Actually, having written all this and re-read it, I think this is another one of those areas where I have to blame my parents. For reasons I won't go into, my parents gave me no end of terror about my grades in math class. I actually think a lot of this fear comes from that.

Rationally, I know that I won't get a grade for this workshop, that even if I did I wouldn't have to tell my parents at age 30 (!), and that it won't matter if I'm the worst one in the class. But on some gut level, I think I will always associate fear of failure at math with fear the fear that goes like this: I'll never be good enough at anything.
That's the association my parents made, and they communicated it quite clearly to me.

Nevermind that I got A's and B's all through school, and easy A's in college calculus. I almost went on to take more, linear algebra and DiffEQ, and constantly wonder if my interests would have been different if I had gone further with it. But somehow the one good year doesn't outweigh a childhood spent in abject terror of bringing home a bad math grade.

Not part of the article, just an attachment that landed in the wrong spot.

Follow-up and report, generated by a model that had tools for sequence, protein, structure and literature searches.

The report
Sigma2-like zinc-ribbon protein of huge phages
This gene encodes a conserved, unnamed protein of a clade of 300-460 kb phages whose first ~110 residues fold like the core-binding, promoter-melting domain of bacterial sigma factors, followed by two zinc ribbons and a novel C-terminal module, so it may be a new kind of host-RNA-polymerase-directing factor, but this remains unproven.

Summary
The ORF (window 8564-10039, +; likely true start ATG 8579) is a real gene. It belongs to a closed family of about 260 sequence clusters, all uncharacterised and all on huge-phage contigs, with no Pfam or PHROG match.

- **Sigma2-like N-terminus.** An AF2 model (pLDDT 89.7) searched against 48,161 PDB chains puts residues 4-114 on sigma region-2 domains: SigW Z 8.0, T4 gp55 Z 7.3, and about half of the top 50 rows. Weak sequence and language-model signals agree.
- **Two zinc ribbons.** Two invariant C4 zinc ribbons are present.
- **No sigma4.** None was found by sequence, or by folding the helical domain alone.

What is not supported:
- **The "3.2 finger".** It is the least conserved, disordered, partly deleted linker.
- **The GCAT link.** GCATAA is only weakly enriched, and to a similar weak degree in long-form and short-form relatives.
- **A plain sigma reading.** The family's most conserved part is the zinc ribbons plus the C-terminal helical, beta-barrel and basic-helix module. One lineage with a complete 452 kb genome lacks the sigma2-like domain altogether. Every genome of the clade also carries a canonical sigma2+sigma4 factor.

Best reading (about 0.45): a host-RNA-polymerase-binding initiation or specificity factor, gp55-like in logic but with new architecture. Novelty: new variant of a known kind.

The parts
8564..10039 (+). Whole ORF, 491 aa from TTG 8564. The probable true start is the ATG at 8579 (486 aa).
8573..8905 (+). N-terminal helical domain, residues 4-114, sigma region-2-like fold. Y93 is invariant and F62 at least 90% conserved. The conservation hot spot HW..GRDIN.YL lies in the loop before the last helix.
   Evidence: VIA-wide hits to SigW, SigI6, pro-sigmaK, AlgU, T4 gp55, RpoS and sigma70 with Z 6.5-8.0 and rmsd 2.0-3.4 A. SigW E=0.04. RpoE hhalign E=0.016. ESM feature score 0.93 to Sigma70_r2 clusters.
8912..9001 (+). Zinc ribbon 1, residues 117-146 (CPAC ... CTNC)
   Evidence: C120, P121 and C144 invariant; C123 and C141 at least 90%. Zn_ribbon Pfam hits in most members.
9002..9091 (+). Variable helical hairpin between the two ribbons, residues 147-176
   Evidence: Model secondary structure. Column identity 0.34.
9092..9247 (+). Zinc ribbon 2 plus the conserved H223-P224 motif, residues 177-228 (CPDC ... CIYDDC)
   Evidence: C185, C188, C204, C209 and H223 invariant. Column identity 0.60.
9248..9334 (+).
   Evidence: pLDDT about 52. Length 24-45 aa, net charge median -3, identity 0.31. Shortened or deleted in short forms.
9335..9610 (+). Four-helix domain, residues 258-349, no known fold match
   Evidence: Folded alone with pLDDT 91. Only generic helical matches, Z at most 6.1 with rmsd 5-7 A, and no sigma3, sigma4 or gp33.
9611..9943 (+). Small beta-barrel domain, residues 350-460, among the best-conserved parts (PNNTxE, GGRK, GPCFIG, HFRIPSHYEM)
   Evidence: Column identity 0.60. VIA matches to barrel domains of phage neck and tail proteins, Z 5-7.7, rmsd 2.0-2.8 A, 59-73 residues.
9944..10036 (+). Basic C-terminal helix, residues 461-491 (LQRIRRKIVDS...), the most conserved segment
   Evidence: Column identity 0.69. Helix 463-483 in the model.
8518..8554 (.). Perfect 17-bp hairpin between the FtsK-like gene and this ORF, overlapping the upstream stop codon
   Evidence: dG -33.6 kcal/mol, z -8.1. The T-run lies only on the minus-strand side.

Funny how things look different from farther away. The big, scary experiences always seem to dwarf the good ones, for me at least. So maybe I should view this as a chance to try to tip the scales.

Well, there's my timer. For now, my only math is the simple arithmetic of multitasking.

Saturday, December 03, 2005

Money Crunch

So my Fearless Leader sent a rather bizarre email to the entire lab today. It is a Saturday, mind you, and I was still in a pretty good mood- yesterday was decent enough not to wreck it.

This email details the math of how she plans to handle the 20% cut from NIH. Apparently it kicks in as each grant goes into the new funding cycle. I have to give her credit that her grants are staggered by a few months, and she has several, so it won't hit us all at once.

I don't know why I say us. I'm still kind of a satellite member of her lab, but everyone has been really nice to me lately and treating me like I'm actually part of the group.

Anyway, I'm paraphrasing, but the math basically goes like this:

people + stuff = 100% of lab costs

since 100 - 20 =80%, and she doesn't want to cut any people, she has to cut stuff.

Ok, fine. But here's my perception of how the stuff breaks down:

animal costs ($$$)
high-throughput array costs ($$$)
everything else ($)

But her email doesn't distinguish, really, between these things. Granted, I'm using neither animals nor arrays right now, so perhaps she sent personalized budget emails to those people who are using the more expensive systems in the lab??? I certainly hope so.